BBI overlooks disaster preparedness, response

Budalang’i residents in Busia County use a boat to transport bricks across their flooded village.

Photo credit: Tonny Omondi | Nation Media Group

What you need to know:

  • Proper policy and legislation need to ensure that all health crises continue to receive government attention and response irrespective of incentives and political consideration.

Having read the “Report of the Steering Committee on the Implementation of the Building Bridges to a United Kenya Taskforce”, I am disappointed that disaster response, preparedness and early warning systems seem to have been sidelined.

While mitigating and responding to conflicts as a result of electoral disputes, there is little or no mention of humanitarian assistance to people faced with the effects of drought, floods, locust invasions and other pandemics other than Covid-19.

During the submission of memoranda, communities living on either side of rivers, lakes and other potential risk areas proposed the establishment of a comprehensive policy on mitigating the effects of climate change.

That should take into account specific needs of communities affected by climate phenomena, including those hosting refugee populations.

The general view was that members of the public are grappling with a range of issues, among them natural hazards and disasters, food insecurity and drought, land fraud and forcible dispossession, resource-oriented conflicts occasioned by boundary conflicts and competition for water and pasture.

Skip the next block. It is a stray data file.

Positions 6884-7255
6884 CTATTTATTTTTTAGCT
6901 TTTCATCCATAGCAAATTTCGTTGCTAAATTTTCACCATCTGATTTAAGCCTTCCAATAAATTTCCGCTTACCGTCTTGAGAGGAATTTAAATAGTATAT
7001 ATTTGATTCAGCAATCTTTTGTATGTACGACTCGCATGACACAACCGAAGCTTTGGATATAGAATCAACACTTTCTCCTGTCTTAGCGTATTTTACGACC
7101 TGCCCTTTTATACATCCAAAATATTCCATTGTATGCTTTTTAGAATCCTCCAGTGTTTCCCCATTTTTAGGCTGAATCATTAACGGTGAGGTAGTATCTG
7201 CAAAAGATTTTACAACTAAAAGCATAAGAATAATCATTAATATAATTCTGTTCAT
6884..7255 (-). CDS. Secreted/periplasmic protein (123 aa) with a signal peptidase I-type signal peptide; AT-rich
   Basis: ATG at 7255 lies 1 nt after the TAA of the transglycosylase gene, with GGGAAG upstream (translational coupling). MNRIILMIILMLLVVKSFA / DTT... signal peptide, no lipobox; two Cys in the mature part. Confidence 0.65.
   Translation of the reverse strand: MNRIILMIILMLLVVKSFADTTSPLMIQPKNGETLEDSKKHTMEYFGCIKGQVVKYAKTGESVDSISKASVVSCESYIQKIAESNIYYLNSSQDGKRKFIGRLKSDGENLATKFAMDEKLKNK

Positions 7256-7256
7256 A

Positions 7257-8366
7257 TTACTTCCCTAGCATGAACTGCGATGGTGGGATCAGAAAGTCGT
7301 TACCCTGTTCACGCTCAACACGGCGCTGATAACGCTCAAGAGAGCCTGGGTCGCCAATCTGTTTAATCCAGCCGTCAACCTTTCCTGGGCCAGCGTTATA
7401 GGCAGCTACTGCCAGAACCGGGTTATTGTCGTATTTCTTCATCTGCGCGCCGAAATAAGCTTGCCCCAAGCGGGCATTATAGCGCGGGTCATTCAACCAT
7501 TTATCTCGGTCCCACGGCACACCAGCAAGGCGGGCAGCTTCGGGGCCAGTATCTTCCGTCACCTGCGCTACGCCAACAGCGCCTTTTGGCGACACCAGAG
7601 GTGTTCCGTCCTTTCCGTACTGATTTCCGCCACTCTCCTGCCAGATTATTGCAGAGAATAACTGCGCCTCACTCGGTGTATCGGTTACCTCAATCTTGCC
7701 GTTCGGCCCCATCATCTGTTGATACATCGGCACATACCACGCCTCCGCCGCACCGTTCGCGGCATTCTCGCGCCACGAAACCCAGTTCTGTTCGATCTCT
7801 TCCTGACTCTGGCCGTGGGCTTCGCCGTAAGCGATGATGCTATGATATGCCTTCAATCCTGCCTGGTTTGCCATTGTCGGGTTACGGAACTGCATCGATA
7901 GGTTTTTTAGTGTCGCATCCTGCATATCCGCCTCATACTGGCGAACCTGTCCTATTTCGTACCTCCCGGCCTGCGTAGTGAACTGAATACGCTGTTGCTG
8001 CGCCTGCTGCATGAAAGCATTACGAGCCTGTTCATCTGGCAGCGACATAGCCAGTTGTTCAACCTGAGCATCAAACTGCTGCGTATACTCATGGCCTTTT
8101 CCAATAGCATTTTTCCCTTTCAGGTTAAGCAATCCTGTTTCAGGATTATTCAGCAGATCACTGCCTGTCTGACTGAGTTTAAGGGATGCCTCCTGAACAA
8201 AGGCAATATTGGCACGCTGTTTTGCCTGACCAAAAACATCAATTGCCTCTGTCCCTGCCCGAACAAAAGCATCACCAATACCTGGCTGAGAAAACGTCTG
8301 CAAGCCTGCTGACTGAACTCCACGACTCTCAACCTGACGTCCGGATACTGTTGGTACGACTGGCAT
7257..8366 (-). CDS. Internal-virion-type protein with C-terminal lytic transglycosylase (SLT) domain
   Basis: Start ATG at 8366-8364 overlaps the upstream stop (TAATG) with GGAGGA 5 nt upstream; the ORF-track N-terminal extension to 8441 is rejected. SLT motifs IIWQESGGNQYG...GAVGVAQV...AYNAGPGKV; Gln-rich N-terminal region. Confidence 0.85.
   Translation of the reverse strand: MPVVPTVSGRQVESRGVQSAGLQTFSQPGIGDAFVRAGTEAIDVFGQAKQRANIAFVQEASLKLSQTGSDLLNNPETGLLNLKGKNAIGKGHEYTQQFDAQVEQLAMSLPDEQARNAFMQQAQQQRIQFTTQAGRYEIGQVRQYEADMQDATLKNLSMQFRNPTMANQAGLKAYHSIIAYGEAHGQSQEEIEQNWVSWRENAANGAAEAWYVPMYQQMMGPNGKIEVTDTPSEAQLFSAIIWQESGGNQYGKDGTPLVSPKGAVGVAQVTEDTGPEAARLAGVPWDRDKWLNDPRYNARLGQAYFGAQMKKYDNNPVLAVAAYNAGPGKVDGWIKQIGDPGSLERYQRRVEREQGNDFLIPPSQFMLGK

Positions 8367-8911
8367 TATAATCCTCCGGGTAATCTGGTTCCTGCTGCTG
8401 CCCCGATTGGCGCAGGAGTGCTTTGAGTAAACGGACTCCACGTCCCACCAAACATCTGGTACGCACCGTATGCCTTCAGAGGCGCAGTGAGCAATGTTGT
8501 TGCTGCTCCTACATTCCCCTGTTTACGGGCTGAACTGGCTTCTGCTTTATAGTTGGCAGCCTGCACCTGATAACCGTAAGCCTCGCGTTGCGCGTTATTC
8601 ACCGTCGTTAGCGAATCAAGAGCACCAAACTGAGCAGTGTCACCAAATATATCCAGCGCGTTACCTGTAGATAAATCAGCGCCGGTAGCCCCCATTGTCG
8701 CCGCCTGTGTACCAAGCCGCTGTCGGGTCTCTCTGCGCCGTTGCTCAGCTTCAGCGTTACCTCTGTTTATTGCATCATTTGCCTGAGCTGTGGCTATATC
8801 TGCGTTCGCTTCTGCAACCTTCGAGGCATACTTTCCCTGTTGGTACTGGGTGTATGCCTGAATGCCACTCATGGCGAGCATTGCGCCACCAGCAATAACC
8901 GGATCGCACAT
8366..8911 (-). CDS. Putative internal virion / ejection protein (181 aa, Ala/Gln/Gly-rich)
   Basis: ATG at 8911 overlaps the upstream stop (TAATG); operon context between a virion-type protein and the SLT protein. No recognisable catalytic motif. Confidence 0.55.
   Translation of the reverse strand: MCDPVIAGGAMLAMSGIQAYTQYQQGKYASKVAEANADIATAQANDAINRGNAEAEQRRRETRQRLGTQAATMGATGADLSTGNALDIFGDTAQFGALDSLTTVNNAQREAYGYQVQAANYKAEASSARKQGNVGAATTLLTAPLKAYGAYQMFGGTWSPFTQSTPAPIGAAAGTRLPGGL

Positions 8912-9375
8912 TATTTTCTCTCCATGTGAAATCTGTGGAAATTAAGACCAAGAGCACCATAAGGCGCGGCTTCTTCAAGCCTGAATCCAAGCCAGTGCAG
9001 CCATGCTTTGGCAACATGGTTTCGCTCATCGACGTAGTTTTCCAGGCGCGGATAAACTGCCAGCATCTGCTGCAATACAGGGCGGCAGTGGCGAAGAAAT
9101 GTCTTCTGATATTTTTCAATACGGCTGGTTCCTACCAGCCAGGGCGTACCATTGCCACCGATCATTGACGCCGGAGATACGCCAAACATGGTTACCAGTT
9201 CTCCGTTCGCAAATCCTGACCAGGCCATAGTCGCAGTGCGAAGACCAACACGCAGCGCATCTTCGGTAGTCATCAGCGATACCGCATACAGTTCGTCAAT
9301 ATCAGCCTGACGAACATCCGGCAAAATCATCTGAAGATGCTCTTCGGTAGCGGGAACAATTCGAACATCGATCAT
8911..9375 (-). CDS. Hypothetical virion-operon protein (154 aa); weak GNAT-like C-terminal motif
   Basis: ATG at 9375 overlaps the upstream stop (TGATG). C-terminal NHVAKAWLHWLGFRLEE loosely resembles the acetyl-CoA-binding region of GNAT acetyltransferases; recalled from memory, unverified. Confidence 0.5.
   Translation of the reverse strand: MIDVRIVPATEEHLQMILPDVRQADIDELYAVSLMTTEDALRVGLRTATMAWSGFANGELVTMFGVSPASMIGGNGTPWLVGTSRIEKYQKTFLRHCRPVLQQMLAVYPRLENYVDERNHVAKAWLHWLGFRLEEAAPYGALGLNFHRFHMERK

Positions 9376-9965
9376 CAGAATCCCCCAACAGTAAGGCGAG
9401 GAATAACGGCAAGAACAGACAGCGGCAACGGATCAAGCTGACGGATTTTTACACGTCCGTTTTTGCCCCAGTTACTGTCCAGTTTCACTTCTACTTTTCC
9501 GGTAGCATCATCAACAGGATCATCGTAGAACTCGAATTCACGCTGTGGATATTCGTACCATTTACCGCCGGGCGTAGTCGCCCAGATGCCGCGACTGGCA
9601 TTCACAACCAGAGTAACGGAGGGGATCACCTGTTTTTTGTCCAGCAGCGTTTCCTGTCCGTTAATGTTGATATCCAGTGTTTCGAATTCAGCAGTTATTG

Out of the 14 articles, none puts an immediate emphasis on emergency response to disasters, risk reduction and early warning to approaching crises.

National emergencies

I was based in Marsabit County last year when drought struck, adversely affecting hundreds of thousands of nomadic people in northern and eastern Kenya. Government officers, including Cabinet secretaries, only traversed the affected counties on popularity trips with no meaningful response plan.

Unlike the National Coalition Government of President Mwai Kibaki and Prime Minister Raila Odinga that established the Office for Special Programmes to respond swiftly to national emergencies, the Jubilee administration appears to relegate disaster response to the second tier.

There is lack of a clear mandate and a vague operating environment during national emergencies amid institutional loopholes that result in bias and financial misappropriation. For example, while Covid-19 is a top global pandemic that requires bold action, other crises, like malaria, tuberculosis and HIV/Aids, still plague poor African countries.

But due to excess funding for Covid-19 coming from the international community, African governments, Kenya included, seem to have ignored other health crises and resigned to singular focus on Covid-19.

Proper policy and legislation need to ensure that all health crises continue to receive government attention and response irrespective of incentives and political consideration.

Nashon Tado, Nairobi

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